Choosing the right estate agency franchise brand
When prospective franchisees consider investing in an estate agency franchise in their area they are often deterred by the fear that it will take them years to establish themselves, to build up a client base and to become widely accepted in the territory they serve, especially if the considered brand is not recognised as being currently effective or present in that particular area.
This is according to Wayne Albutt, Western Cape Regional Sales Manager for the Rawson Property Group, who says in reality a really good franchisee can be up and running and doing far more than just recovering his overheads within six months, but on average may take as much as three years to be fully established, highly competitive and possibly the market leader.
Albutt says when a new franchisee blames a lack of sales on the fact that he is new to his district, he is often ignoring the simple truth that he is not operating as efficiently as he should.
New laws a potential minefield for landlords
Renting out residential property has always been considered a relatively easy source of income, as well as a great way to get a foot in the property market, but this is no longer the simple exercise it used to be, and has become a potential minefield for owners wanting to rent out property on their own.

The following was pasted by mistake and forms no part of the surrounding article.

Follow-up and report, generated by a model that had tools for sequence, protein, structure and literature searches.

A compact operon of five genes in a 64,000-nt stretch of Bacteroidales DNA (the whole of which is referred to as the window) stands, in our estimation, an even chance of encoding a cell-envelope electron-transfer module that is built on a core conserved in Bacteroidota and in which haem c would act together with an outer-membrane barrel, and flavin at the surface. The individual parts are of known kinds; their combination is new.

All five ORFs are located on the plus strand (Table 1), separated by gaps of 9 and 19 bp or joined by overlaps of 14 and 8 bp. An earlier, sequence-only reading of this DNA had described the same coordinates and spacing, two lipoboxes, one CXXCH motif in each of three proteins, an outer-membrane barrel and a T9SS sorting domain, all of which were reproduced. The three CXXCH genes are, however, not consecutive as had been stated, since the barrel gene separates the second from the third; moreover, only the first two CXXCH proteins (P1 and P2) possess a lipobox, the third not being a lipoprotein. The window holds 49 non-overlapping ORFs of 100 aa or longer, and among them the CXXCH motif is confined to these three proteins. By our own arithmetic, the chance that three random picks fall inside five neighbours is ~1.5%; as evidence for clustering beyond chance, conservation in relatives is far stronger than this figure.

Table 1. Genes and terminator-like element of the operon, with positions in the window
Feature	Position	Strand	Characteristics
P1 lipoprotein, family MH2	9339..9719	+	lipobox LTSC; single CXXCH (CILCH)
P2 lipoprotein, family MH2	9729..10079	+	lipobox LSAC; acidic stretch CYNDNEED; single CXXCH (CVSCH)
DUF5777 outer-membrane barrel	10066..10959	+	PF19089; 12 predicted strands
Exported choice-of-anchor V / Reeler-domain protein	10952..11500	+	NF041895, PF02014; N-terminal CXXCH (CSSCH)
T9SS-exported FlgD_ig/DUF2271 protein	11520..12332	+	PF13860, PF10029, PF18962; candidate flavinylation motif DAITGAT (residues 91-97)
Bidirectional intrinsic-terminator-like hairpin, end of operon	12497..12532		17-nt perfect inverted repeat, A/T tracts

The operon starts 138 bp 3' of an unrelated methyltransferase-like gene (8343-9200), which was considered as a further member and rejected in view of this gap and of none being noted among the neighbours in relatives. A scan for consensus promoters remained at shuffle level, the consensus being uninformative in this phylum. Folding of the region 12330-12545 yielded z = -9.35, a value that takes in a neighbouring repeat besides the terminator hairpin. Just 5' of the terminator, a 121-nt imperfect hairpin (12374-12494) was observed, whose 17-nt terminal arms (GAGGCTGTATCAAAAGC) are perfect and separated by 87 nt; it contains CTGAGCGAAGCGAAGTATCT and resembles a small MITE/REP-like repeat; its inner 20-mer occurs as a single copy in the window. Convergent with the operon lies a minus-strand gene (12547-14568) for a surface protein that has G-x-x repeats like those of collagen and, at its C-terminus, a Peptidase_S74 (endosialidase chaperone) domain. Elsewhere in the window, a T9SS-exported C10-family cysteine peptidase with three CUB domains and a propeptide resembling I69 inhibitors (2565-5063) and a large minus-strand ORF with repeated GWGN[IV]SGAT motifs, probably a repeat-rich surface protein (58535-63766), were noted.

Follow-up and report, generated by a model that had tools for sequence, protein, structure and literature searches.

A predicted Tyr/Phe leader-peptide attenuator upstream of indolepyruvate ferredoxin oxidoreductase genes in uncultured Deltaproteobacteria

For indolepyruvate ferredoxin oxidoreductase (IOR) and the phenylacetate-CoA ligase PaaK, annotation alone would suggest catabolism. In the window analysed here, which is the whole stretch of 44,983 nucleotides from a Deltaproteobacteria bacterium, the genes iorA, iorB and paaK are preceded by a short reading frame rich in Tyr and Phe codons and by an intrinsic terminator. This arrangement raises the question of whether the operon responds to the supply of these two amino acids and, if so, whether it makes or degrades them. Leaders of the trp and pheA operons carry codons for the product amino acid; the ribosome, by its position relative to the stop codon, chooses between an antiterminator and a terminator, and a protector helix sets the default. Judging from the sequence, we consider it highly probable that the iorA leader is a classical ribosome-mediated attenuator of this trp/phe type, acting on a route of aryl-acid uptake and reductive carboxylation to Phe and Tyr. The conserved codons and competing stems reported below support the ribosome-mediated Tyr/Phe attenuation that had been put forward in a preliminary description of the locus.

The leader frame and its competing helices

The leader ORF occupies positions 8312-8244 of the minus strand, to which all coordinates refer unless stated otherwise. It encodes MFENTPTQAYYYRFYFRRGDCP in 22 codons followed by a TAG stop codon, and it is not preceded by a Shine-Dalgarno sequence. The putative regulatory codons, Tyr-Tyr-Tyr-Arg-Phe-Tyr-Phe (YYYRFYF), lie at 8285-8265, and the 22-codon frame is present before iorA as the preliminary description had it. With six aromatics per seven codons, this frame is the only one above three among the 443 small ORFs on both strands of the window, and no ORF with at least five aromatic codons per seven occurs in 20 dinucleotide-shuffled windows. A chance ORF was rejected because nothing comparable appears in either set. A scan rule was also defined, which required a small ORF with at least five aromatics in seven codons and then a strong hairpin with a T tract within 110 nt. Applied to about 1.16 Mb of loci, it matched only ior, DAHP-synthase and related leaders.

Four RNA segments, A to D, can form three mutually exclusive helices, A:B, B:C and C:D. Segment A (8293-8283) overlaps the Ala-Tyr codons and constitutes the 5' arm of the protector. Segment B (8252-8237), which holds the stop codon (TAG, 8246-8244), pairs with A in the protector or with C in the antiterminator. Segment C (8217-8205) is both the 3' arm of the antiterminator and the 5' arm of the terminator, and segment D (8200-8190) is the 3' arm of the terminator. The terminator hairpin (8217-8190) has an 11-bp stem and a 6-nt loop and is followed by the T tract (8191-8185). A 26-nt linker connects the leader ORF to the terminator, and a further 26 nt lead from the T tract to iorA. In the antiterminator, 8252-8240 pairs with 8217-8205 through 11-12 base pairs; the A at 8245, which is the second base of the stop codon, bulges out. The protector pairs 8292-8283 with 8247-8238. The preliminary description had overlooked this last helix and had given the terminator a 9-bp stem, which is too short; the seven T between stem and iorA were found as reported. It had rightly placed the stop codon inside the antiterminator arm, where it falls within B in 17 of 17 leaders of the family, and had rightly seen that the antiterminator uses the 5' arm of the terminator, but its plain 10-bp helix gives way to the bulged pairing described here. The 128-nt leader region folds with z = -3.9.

This is according to Lorraine Dellbridge, Rentals Manager for Lew Geffen Sotheby’s International Realty in the Southern Suburbs, Noordhoek and False Bay, who says originally only governed by the Rental Housing Act, the property rental market has in recent years become a complex legal field.
The National Credit Amendment Act (NCAA), which came into effect on 13 March 2015 is the latest in a string of new laws which have been promulgated in recent years, including the Rental Housing Amendment Bill, Prevention of Illegal Eviction from and Unlawful Occupation of Land Act, the Protection of Personal Information Act and, the Consumer Protection Act.
Beware the risks of unregulated property schemes
Knowing how well an investment is regulated is a critical consideration when putting your hard-earned money into any investment, and property is no exception, advises the SA REIT (Real Estate Investment Trust) Association.
“No matter how big or small your investment sum, knowing whether you are investing in a well regulated property investment, like a REIT, or placing your money in an unregulated property scheme, will help you understand what kind of risk you are taking,” says Mark Stevens, Chairman of the SA REIT Marketing Committee.
When property schemes are not regulated, their investors take on higher risks. In the past, there have been high profile cases where unregulated property schemes have run into serious trouble. It’s not easy to police these schemes, so it is important to have a strong regulatory environment in place.